Although little known and hardly talked about, HDBaseT may be one of the biggest technological breakthroughs to come down the pike in the last several years. This unpresuming communications protocol may be what it takes to make our homes truly connected. Combining the communications needed for computer, television and controls in the same package, plus providing power over cable as well.
I remember going to the 1964 New York World’s Fair when I was a child. Amongst the many futuristic exhibits was a home where everything was connected electronically. The appliances, telephone and entertainment system were all able to communicate with each other, through a home computer. Here, almost 50 years later, we’re seeing the technology unfold which could make that vision a reality.
The Power of HDBaseT
HDBaseT takes the home LAN one huge step further, integrating the home entertainment system into the network. This allows the serpent’s nest of cables that are behind most home entertainment systems to be eliminated and replaced by a single Cat-5e or Cat-6 cable.
The actual amount of data that can be carried over HDBaseT is truly amazing. It can carry up to 20Gbps of uncompressed video and audio, including 3D, 4K and Ultra HD, 100Mbps of Ethernet, video gaming, USB support, control signals and even 100 watts of power. Even more incredible, when compared to the other video formats out there is that it can carry this up to 100 meters (328 feet), making up to eight stops along the way in a daisy-chain.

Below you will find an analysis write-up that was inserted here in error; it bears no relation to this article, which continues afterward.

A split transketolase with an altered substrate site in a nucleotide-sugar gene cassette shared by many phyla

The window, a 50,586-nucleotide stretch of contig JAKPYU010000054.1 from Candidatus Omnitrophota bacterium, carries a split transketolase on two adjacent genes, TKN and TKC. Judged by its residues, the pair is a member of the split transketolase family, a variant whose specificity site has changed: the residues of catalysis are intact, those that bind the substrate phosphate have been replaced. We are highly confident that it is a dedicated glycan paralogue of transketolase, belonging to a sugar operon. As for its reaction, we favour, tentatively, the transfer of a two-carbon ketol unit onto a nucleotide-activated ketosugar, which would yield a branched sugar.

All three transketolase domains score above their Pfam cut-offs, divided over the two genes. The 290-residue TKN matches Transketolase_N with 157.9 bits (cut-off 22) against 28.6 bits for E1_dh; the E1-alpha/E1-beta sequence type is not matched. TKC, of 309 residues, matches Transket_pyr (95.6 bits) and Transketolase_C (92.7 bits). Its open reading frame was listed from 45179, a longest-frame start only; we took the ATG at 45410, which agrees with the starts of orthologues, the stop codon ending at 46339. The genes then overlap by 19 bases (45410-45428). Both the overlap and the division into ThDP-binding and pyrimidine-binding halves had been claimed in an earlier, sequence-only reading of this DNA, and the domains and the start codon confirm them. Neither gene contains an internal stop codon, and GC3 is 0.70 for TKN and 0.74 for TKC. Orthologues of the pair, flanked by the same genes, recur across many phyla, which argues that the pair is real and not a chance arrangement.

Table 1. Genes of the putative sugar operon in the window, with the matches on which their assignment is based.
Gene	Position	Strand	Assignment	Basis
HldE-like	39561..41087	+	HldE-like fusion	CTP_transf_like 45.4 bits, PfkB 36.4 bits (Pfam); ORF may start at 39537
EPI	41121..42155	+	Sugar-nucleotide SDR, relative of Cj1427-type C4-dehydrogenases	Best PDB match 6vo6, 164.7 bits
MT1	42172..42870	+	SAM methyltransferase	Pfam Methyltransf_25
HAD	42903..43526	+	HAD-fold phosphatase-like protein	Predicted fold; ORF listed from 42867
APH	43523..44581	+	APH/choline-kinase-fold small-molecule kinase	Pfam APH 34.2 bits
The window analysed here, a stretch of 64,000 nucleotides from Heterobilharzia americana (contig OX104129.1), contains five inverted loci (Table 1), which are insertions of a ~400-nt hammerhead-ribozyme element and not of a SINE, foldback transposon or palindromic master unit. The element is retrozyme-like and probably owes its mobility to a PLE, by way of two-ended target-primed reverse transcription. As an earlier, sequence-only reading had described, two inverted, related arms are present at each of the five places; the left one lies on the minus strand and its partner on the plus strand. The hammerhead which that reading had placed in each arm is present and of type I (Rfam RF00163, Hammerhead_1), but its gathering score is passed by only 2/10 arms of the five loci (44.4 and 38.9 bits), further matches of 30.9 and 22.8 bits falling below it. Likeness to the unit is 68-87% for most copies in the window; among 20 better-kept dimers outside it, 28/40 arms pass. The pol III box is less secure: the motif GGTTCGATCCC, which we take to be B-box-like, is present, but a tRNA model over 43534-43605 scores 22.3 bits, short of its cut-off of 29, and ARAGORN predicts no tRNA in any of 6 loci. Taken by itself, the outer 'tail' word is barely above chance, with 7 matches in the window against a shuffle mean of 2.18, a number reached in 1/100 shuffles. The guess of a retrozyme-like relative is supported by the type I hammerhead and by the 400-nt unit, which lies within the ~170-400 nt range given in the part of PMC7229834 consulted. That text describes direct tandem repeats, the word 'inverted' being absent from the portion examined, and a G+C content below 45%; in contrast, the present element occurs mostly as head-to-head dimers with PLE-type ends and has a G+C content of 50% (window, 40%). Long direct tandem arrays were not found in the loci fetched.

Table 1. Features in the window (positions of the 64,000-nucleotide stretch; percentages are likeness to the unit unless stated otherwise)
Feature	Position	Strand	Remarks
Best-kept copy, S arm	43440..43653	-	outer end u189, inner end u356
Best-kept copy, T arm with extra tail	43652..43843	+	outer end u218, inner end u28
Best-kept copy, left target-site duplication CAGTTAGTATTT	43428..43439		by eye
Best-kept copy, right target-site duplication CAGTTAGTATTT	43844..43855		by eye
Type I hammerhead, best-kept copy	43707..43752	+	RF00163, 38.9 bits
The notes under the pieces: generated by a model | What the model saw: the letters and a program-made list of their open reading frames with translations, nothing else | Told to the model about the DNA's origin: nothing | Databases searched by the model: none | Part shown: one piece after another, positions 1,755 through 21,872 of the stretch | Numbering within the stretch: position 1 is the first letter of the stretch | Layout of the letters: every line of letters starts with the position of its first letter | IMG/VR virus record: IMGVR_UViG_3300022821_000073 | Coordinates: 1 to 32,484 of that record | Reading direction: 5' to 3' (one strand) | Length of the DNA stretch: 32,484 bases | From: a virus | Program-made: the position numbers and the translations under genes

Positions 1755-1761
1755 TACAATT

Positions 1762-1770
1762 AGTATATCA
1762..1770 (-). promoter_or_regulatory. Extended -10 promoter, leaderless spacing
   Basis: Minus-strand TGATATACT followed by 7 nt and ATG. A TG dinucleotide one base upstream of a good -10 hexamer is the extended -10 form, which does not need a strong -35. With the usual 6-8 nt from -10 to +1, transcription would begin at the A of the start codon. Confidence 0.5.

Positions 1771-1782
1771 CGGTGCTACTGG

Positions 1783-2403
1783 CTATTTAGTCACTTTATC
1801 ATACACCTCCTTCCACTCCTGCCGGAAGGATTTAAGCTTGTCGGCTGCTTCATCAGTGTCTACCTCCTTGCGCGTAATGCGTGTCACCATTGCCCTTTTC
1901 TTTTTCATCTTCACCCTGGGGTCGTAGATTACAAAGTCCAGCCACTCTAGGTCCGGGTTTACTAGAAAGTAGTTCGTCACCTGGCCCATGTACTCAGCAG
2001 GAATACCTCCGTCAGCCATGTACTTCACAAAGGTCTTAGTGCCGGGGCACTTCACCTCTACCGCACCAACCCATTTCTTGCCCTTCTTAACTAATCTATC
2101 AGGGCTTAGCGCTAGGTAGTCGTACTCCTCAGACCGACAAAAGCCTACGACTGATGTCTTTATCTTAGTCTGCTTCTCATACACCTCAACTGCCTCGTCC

By comparison, HDMI cables can only be run for a maximum of 15 meters (49 feet). Another important comparison is price. HDMI cables are rather pricey, while Cat-5 cables are sufficiently common to drive their price down and make them more affordable.
The signals which travel over the HDBaseT system can be routed to any one of a number of devices, especially monitors, throughout the home. So a BluRay disk being played in one room can be seen in three different rooms of the house, while a video game being played can be monitored from a separate remote location on a fourth monitor, in another part of the house from where it is being played.
HDBaseT is build on a technology called 5Play, which converges all the various types of signals for transmission over a single Cat-5e or Cat-6 cable. This allows an impressive amount of data to travel across the same cable, simultaneously.
Video and Audio – Supports TV and PC video formats including standard, enhanced, high-definition and 3D video formats at full HD 1080.
Ethernet – Supports 100BaseT Ethernet local networking, providing 10 Mb of Ethernet bandwidth.
Power Over Cable – Provides up to 100 watts of power for devices, eliminating the need for a separate power cord for some devices.
Control Signals – A variety of controls signals, such as CED, RS232, USB and IR can be routed over HDBaseT, allowing devices to be controlled from other rooms.
This is a new technology, which is just starting to be implemented in new designs. We should see a wide range of HDBaseT devices start hitting the market over the next couple of years. The first of these will be monitors, but it will quickly include other video devices and computers which have HDBaseT compatibility built in.
There are currently external devices available on the market, allowing your current devices to be connected via HDBaseT. While an expensive solution to the problem, this does allow early integration of HDBaseT technology into your home. Or use of current devices into a future HDBaseT system.